Monday, March 17, 2008

The BBC is supposed to promote cohesion within UK communities, but some programmes on children's TV seem to be more divisive than cohesive.

Take Basil Brush which is being shown on the CBBC channel at the moment. There are the regular digs at cafe owner Anil, and the show has been excoriated by celebrated writer Russell T Davies. The Basil Brush Show is now the subject of an investigation of racism following a complaint from a member of the public. Joseph Jones, vice-chairman of the Southern England Romany, Gypsy and Irish Traveller Network compared the programme to the Black and White Minstrel Show.

Mr Jones told the Mail on Sunday: "This sort of thing happens quite regularly and we are fed up with making complaints about stereotypical comments about us in words that we find racist or offensive ... Racist abuse of black people is quite rightly no longer deemed acceptable, but when a comedian makes a joke on TV about pikeys or gypos, there's no comeback."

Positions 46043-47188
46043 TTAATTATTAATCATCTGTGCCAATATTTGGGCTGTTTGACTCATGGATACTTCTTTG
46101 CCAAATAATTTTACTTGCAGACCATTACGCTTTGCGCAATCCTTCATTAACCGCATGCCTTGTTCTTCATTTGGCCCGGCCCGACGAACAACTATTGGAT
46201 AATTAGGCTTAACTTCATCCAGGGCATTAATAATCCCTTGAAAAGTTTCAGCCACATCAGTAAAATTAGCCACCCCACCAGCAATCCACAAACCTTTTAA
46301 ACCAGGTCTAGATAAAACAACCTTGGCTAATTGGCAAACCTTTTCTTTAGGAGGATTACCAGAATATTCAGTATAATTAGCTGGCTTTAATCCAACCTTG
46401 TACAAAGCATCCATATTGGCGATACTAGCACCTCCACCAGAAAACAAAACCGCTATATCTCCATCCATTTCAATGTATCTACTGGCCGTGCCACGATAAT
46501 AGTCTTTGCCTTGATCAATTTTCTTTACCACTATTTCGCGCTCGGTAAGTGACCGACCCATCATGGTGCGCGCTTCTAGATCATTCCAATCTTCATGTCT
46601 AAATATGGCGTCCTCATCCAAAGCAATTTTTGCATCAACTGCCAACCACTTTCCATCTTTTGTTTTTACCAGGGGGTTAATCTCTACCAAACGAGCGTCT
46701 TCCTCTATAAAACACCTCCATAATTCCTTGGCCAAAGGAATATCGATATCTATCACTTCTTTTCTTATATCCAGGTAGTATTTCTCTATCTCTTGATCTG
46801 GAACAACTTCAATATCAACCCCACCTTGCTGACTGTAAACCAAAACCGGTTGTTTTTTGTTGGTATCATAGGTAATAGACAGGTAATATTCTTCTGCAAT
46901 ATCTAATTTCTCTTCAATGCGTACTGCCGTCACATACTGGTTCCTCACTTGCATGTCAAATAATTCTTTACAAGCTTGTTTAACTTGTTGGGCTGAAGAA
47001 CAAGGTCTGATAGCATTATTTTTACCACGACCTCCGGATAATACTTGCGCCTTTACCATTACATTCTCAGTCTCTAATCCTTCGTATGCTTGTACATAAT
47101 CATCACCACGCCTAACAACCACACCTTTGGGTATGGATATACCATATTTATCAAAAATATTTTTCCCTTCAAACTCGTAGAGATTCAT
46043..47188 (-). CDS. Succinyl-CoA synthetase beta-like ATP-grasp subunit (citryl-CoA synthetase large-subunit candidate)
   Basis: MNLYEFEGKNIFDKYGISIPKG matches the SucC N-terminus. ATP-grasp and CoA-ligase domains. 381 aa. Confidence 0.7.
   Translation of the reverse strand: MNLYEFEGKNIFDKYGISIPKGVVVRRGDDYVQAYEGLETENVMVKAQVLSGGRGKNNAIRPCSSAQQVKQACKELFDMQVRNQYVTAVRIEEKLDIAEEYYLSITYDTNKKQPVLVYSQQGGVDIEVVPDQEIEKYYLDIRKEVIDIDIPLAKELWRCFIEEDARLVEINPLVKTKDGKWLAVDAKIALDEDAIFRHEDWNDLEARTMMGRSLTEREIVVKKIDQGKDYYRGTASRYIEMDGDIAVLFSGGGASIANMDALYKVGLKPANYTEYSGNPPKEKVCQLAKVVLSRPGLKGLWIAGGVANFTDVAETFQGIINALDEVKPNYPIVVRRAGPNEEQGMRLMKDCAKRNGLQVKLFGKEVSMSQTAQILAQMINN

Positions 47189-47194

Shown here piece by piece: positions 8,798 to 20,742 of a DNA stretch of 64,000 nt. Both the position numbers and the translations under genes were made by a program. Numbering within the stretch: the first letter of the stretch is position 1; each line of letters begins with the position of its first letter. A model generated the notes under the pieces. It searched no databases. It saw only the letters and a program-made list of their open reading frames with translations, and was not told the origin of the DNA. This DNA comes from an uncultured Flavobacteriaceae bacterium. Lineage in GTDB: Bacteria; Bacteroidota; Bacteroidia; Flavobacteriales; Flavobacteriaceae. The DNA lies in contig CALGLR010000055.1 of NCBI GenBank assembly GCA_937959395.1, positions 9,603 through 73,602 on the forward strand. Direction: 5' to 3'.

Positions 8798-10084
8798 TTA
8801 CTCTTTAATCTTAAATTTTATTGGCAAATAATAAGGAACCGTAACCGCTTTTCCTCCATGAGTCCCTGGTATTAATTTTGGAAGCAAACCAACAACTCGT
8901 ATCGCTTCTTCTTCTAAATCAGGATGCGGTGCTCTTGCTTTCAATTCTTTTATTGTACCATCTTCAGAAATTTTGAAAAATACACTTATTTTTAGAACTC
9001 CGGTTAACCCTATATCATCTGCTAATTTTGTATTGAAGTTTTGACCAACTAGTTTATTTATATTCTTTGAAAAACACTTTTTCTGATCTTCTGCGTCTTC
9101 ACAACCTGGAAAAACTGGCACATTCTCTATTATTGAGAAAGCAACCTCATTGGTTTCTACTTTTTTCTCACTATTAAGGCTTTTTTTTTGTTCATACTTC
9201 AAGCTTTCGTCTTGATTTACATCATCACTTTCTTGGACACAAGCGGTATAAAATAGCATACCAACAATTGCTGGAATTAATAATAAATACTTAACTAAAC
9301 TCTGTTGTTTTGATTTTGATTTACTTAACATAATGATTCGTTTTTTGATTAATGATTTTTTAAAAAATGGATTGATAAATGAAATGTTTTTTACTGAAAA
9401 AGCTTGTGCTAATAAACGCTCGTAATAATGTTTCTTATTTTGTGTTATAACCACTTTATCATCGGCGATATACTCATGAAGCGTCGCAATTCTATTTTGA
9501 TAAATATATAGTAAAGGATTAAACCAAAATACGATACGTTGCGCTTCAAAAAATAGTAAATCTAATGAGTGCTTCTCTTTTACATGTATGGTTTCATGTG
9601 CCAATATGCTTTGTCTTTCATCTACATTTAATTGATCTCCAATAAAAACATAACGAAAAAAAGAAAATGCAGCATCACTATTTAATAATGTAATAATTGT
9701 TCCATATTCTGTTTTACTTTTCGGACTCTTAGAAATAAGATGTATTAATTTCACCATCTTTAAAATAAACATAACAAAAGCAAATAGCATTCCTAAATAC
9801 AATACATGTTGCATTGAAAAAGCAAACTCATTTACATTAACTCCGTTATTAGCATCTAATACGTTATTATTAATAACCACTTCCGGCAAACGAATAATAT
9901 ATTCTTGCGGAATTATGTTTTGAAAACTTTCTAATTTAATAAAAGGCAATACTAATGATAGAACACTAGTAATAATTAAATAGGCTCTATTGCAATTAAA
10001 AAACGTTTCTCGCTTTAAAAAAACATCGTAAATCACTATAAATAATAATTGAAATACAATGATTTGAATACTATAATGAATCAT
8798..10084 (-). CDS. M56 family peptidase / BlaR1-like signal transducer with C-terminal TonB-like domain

The Basil Brush episode from 2002 - Fakes Progress - which was the subject of the Russell T Davies complaint, is still being repeated regularly on CBBC: Basil Brush tells Molly and Dave to watch carefully as they may learn something about comedy. A woman approaches the cafe bar. Mr Stephen, without looking round whispers over his shoulder "I think you're drop-dead gorgeous. Fancy a quick snog?" But by then the woman has walked away and a man is standing in her place. The man gives Mr Stephen a disgusted look and punches him in the face, to the sound of general audience laughter and applause. Mr Stephen is seen sporting the resultant black eye for several minutes afterwards. Basil says "Ahh, shame you had to miss the punch-up .." (more laughter)

Russell T Davies's complaint in 2003 wasn't upheld by the BBC. I asked about the homophobic episode, as well as some other issues, at the end of January 2008. Richard Deverell said (on this subject): Much of what we do on CBBC involves humour. Humour is subjective and, at times, may offend some people. Clearly we do not set out to offend and we apologise when we get it wrong. However, equally, I would be reluctant to adopt a policy where every line, scripted and spontaneous, had to be subject to a rigorous check of whether it could possibly cause offence to any individual or group.

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